Switzerland is officially quadrilingual, but many more languages are spoken in the country. Multilingualism in the national languages German, French, Italian, and Romansh is actively encouraged and enshrined in law.

Street signs in German and French
Bilingual street name in Biel/Bienne: Where German- and French-speaking Switzerland meet, both languages are used. © FDFA

Legal and cultural status 

To ensure that all language groups in Switzerland receive adequate respect, multilingualism is enshrined in the Language Act. The Federal Office of Culture is responsible for promoting languages and their associated cultures.

At the federal level, German, French and Italian are the official languages, while in Romansh-speaking areas, the Romansh language is also used for official purposes. Every language group has the right to communicate in its own language. All official federal texts, including legal documents, reports, websites, brochures, and building signage, must be provided in German, French and Italian. 

Compulsory second national language

Most Swiss people are not proficient in all four national languages, as they typically live and communicate within their own language region. However, all children in Switzerland are required to learn at least one other national language at school. While many may forget this additional language after finishing school, a significant number of people, especially those living near language borders, strive to maintain an understanding of one of the other national languages. 

Distribution of national languages

Of the 26 Swiss cantons, four are officially multilingual: French and German are spoken in the cantons of Bern, Fribourg, and Valais. Both German and French are spoken in the city of Biel/Bienne in the canton of Bern. The canton of Graubünden is unique in that three languages are spoken there: German, Romansh and Italian. The distribution of languages is influenced by the language borders between different language regions.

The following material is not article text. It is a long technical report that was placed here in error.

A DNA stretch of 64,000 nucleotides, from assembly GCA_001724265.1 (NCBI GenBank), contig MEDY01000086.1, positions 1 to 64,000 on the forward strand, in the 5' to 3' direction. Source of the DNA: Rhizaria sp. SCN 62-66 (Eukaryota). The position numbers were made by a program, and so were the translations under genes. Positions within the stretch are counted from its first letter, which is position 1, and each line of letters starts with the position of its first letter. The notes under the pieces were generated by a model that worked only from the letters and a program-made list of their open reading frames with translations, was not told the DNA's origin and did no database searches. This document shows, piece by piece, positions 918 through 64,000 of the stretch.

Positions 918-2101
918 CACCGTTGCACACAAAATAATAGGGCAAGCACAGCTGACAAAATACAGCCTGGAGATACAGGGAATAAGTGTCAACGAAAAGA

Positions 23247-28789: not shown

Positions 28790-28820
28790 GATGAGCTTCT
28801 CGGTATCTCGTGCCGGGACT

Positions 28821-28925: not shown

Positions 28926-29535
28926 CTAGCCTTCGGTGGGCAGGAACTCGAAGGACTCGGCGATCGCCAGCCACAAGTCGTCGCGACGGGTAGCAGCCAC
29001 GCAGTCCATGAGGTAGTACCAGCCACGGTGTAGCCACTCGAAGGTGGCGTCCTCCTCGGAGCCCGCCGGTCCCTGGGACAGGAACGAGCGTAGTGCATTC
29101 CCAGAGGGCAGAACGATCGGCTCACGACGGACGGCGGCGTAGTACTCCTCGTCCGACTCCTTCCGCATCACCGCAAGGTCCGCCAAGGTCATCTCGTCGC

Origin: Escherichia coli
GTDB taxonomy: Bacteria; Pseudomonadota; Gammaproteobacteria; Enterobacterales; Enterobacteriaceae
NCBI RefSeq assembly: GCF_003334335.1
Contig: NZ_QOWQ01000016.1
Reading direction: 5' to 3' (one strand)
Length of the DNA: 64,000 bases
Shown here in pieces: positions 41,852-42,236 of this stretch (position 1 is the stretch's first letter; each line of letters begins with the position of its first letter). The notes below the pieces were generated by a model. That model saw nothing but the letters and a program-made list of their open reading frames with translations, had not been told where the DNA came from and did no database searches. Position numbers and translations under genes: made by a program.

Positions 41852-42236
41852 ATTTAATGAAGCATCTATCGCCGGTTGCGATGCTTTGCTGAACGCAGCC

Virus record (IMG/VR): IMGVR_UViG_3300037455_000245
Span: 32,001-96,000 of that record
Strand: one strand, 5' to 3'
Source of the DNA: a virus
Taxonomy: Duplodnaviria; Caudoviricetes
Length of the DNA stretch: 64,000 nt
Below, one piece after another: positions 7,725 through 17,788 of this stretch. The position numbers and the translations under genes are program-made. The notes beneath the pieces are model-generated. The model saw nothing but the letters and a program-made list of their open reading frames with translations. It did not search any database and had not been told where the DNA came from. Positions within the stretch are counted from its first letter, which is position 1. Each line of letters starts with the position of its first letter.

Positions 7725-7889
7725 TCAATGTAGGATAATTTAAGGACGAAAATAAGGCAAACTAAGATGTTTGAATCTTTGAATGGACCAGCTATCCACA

Over the past four decades, the distribution of national languages has changed significantly. The proportion of people who speak German, Italian, and Romansh as their main languages has decreased, while the proportion of those who speak French and non-national languages has increased. 

Immigrant languages

Immigration has introduced many additional languages to Switzerland in recent decades. Today, the total number of speakers of these non-national languages surpasses those speaking Italian and Romansh combined. The most frequently mentioned non-national languages in surveys are English, Albanian, and Portuguese.

In recent years, English has become significantly more important as a language of international communication in all language regions.